WTA back Serena Williams’ sexism claims following US Open final drama
Serena Williams’ accusation of sexism during the US Open final has been backed by the WTA, the governing body for women’s tennis.
The umpire initially handed Williams a coaching violation before docking her a point, and after the 36-year-old labelled Ramos a “thief”, he docked her a game in a dramatic second set.
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"For me to say 'thief' and for him to take a game, it made me feel like it was a sexist remark," Williams, who was subsequently fined $17,000, said after the match.
"He's never taken a game from a man because they said 'thief'. For me it blows my mind. But I'm going to continue to fight for women and to fight for us to have equal -- like Cornet should be able to take off her shirt without getting a fine. This is outrageous."
Serena Williams v Carlos RamosGetty Images
WTA chief executive Steve Simon has supported Williams’ claims, stating a different standard of tolerance was on display:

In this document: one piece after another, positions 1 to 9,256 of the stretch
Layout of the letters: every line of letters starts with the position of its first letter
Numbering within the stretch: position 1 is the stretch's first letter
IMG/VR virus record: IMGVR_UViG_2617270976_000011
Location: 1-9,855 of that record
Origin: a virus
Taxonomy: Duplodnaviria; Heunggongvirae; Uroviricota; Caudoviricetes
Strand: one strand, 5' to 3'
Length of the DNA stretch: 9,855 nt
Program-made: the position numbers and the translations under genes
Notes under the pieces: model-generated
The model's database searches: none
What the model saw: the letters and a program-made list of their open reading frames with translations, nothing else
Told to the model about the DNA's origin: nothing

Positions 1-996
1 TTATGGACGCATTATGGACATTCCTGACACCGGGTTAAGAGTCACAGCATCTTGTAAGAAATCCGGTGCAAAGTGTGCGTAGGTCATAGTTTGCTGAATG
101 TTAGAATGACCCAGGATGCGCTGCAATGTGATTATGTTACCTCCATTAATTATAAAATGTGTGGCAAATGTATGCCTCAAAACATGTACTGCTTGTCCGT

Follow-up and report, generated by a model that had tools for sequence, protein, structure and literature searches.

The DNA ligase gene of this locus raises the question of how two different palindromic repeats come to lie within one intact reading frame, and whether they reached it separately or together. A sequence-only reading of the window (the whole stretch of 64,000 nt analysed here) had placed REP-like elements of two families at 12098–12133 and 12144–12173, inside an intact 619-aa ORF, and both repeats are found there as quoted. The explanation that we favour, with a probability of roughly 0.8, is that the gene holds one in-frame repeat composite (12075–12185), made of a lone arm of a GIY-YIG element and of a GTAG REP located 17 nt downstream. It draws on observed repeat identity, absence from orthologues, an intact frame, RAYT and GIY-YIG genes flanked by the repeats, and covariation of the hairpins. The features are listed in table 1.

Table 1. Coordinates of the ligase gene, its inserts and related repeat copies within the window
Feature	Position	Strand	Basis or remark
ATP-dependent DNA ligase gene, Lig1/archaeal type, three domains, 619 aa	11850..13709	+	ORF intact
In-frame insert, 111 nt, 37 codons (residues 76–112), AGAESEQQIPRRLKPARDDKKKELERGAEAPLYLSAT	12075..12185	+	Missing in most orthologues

"The WTA believes that there should be no difference in the standards of tolerance provided to the emotions expressed by men vs. women. We do not believe that this was done last night."
The controversial final also brought to light the debate surrounding on-court coaching.
Williams’ coach, Patrick Mouratoglou, admitted after the match he was coaching from the stands, but also insisted “everyone is doing it 100 per cent of the time”.
On-court coaching is allowed on the WTA Tour, but not at Grand Slams, and Simon believes a further review on this matter is required.
He added: “We also think the issue of coaching needs to be addressed and should be allowed across the sport.
“The WTA supports coaching through its on-court coaching rule, but further review is needed.”